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Monday, 13 February 2017
Page: 824

Mr TED O'BRIEN (Fairfax) (11:34): I am still relatively new to this parliament, but I have to say that already, sadly, I have been blown away by the utter incompetence of the people opposite. Amidst all of the bluster and all of the frothing at the mouth that we have heard already this morning, the member for Lyons—who, I am sure, is otherwise a very good man—has obviously not done his research. If he had, he would have realised that the very methodology being used for the collection of invalid welfare payments by Centrelink was actually created by the Labor Party. It was created by Richo, of all people. They may not remember Richo, but since 1990 all Labor governments—Hawke, Keating, Rudd, Gillard and Rudd again—have used the very same methodology that is being used by the coalition government today. Where there has been any tweaking it was actually done by the current Leader of the Opposition, and so the Labor Party can hardly claim ignorance in this regard.

It is very simple. There are two sets of data. There is a set of data that comes in through the Australian Taxation Office, and there is a set of data that goes to Centrelink, indirectly or directly, from the recipients of welfare payments. Where there is a discrepancy between these two datasets, the system flags that money might be owed—that somebody has possibly received more money than they were due. This was also the case under the Labor Party. Labor though, being Labor, were woeful in their execution and their collection. The coalition inherited the system in 2013 and we have stuck with it.

If there is a difference between Labor's system and the coalition's system, it is that the coalition has digitised the otherwise archaic manual system that the Labor Party was using. Here is how it works. The computer basically identifies a potential mismatch between those two datasets. Where there is a discrepancy, a letter is triggered and sent to the recipient. Two weeks go by. If there has been no response, if Centrelink does not hear anything, they trigger a second letter, which is a fair and reasonable thing to do, because you never know whether or not the recipient received that first one. If there is no response, or if the data discrepancy cannot be explained to justify the payments already given, then a third letter is sent, along with a debt. The debt is then pursued and recovered, subject to all the normal appeal procedures et cetera, and all the discussions that are undertaken between the recipient and Centrelink. That is what plays out in about 80 per cent of the cases. In the other 20 per cent of the cases, recipients are indeed able to explain the discrepancy and for those there are no debts collected and the case is closed. This is a normal, responsible process—one that the Labor Party was woeful in trying to execute that the coalition is doing very well.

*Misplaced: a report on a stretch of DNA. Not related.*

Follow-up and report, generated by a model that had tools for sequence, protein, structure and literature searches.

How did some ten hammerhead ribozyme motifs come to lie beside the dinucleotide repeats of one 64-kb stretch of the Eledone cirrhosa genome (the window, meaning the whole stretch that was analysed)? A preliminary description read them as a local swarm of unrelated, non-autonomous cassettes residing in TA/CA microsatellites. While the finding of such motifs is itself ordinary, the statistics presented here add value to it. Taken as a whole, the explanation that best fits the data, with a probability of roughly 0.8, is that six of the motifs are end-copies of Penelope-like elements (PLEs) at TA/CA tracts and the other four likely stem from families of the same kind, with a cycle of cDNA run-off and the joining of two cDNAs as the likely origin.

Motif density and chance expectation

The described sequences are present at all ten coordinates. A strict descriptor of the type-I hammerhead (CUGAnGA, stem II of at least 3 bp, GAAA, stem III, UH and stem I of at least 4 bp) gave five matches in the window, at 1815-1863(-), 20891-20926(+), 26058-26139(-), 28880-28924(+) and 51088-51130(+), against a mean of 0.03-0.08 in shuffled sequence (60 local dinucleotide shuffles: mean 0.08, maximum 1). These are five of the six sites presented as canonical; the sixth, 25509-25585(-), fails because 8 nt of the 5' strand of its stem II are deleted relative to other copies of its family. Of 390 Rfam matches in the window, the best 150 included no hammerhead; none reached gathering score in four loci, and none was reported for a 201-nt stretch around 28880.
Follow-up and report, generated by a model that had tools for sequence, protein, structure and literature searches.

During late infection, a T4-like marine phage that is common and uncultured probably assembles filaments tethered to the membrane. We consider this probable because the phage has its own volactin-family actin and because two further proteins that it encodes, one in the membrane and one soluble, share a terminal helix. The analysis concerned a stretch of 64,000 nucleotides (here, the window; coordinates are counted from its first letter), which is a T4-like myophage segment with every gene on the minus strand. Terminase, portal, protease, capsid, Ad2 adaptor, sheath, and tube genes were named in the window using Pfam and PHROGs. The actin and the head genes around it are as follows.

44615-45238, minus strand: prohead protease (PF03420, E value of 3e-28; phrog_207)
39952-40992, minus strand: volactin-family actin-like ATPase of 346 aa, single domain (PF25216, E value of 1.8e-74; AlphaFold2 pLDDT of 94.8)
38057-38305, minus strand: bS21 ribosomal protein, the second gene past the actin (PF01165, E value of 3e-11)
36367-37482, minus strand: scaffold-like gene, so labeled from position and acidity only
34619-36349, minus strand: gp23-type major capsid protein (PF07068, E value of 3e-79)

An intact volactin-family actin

The member for Lyons mentioned that the coalition thinks that everyone who is collecting welfare is dodgy. That is unfair and an absolute porky. I personally believe there is no doubt that there are dodgy people out there—absolutely, I am sure there are. But I believe that the vast majority of people who receive welfare in this country are good, honest, decent Australians. I do not know about you, but if I inadvertently owed a debt, I would like to be told about that as soon as possible. That is the reasonable thing to do.

Labor is not arguing against the methodology. Labor is not arguing about the need to collect debt. What they are arguing about is the digitisation—the efficiency by which this is done. They are happy for this archaic manual system to not tell people about it for years and years to come and to then give them a nasty surprise at the end. Look at the scoreboard. At the end of the day we have already had $300 million collected by this. The forward estimates say $4 billion will be collected by this system. This goes to the heart. We have about $170 billion in our federal budget for welfare. There is only one side that is taking it very seriously to ensure that every dollar and cent of taxpayer money spent on welfare is due. I support this, and thank God we have the coalition in government.